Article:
In 1984, scientists began using twin studies to research genetics and acne. Twin studies using identical twins are especially useful at identifying the impact of genes and lifestyle on acne because identical twins are genetically identical. This means that an identical twin has the same genes and gene mutations as their twin. Therefore, if both twins have acne it is likely due to a genetic predisposition found in both twins, but if only one twin has acne, then it is likely due to a lifestyle difference between the twins.
Researchers have performed two twin studies to research genetics and acne and have concluded that acne is “uniformly influenced by genetic factors.”3 In other words, acne is genetic.
- The first twin study compared the presence of acne in 930 twin pairs. The researchers found that identical twins had similar levels of acne, skin oil excretion, and acne severity. Therefore, the researchers concluded that genetics play a key role in acne.4
- The second twin study compared the presence of acne in 458 pairs of identical twins. The researchers found that acne was present in both individuals of an identical twin pair 81% of the time. This led the researchers to conclude that “acne is one of the most heritable skin phenotypes”, meaning that a predisposition to acne is likely inherited.4
Large population studies
Researchers have performed several studies examining the differences between large groups of people with and without acne. Specifically, acne affects 80 to 90% of the population in Western countries, while acne tends to be much lower or even nonexistent in isolated hunter/gatherer populations.
This research has found that acne is a disease that begins between ages 10-12, and gradually increases until ages 16-18. In most cases, it resolves itself usually by the early 20s. However, acne persists into the adult years in some individuals, and these individuals often have a strong family history of acne, and therefore likely a genetic predisposition for the disease.3
Genetic studies are performed by looking at individual genes to identify and characterize which mutations lead to an increase of a disease.
Researchers have been able to identify 10 genes that may increase a person’s genetic predisposition to acne (Table 1).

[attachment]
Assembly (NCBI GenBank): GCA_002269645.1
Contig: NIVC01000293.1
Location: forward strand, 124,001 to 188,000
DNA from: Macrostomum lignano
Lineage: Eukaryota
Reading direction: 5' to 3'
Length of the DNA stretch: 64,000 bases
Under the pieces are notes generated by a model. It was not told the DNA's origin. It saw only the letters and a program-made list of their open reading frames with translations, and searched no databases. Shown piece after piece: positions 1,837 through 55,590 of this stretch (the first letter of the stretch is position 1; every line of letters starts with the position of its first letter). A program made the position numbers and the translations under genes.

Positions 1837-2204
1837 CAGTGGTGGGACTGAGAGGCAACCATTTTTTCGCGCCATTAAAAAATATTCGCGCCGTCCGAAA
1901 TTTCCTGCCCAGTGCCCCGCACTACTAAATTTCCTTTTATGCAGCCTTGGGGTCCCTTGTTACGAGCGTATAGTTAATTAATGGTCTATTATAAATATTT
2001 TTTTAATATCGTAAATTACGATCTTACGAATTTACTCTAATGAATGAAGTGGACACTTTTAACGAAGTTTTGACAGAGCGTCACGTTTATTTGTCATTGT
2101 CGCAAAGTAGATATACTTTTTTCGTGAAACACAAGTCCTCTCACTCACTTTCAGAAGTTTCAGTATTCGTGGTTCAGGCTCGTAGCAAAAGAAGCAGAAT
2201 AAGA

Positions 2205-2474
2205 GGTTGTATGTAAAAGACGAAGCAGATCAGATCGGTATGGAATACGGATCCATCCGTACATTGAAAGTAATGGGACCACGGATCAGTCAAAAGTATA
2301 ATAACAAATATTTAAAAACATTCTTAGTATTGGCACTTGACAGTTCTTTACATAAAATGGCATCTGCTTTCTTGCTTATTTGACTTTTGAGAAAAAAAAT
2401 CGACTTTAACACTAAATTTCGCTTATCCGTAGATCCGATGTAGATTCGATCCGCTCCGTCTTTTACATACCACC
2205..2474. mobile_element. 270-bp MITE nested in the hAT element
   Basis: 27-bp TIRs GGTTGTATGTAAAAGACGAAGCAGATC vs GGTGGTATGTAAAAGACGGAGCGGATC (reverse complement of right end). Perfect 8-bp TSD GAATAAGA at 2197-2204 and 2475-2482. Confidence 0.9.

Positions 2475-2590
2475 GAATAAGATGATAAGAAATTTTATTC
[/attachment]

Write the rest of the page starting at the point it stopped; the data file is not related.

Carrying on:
Most of these genes produce proteins that are involved with the immune system’s response to acne and hormone production. As inflammation and hormones are two of the main drivers of acne development, scientists were not surprised that genes for the immune system and hormones were the ones linked to a genetic predisposition for acne. However, since acne is a complex disease it is likely that there are more genes involved with acne that scientists have yet to identify.3,5,6
Researching genetic syndromes associated with acne
There are several diseases that are associated with an increased risk of developing acne. Researchers believe that it is likely that the genetic mutation(s) that cause these diseases also lead to the development of acne. These disorders include:
- Congenital adrenal hyperplasia
- Seborrhea-acne-hirsuitism-androgenetic alopecia syndrome
- Polycystic ovary syndrome
- Hyperandrogenism-insulin-resistance-acanthosis nigricans syndrome
- Synovitis-acne-pustulosis-hyperostosis-oesteitis syndrome
- Pyogenic artritis-pyoderma gangrenosum-acne syndrome
- Apert syndrome
For example, polycystic ovary syndrome (PCOS) leads to increased male hormone levels in females and this also causes an increase in the number of acne lesions. Therefore, scientists are beginning to study these diseases to identify genes that may also trigger the development of acne.7
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- Lister Hill National Center for Biomedical Communications. Cells and DNA. Help Me Understand Genetics (2017).
- Lister Hill National Center for Biomedical Communications. Mutations and Health. Help Me Understand Genetics (2017).
- Szabó, K. & Kemény, L. Studying the genetic predisposing factors in the pathogenesis of acne vulgaris. Hum. Immunol. 72, 766–773 (2011).
- Bataille, V., Lens, M. & Spector, T. D. The use of the twin model to investigate the genetics and epigenetics of skin diseases with genomic, transcriptomic and methylation data. J. Eur. Acad. Dermatology. Venereol. 26, 1067–1073 (2012).
- Lynn, D., Umari, T., Dunnick, C. & Dellavalle, R. The epidemiology of acne vulgaris in late adolescence. Adolesc. Health. Med. Ther. 7, 13–25 (2016).
- Herane, M. I. & Ando, I. Acne in infancy and acne genetics. Dermatology 206, 24–28 (2003).
- Chen, W. et al. Acne-associated syndromes: Models for better understanding of acne pathogenesis. J. Eur. Acad. Dermatol. Venereol. 25, 637–646 (2011).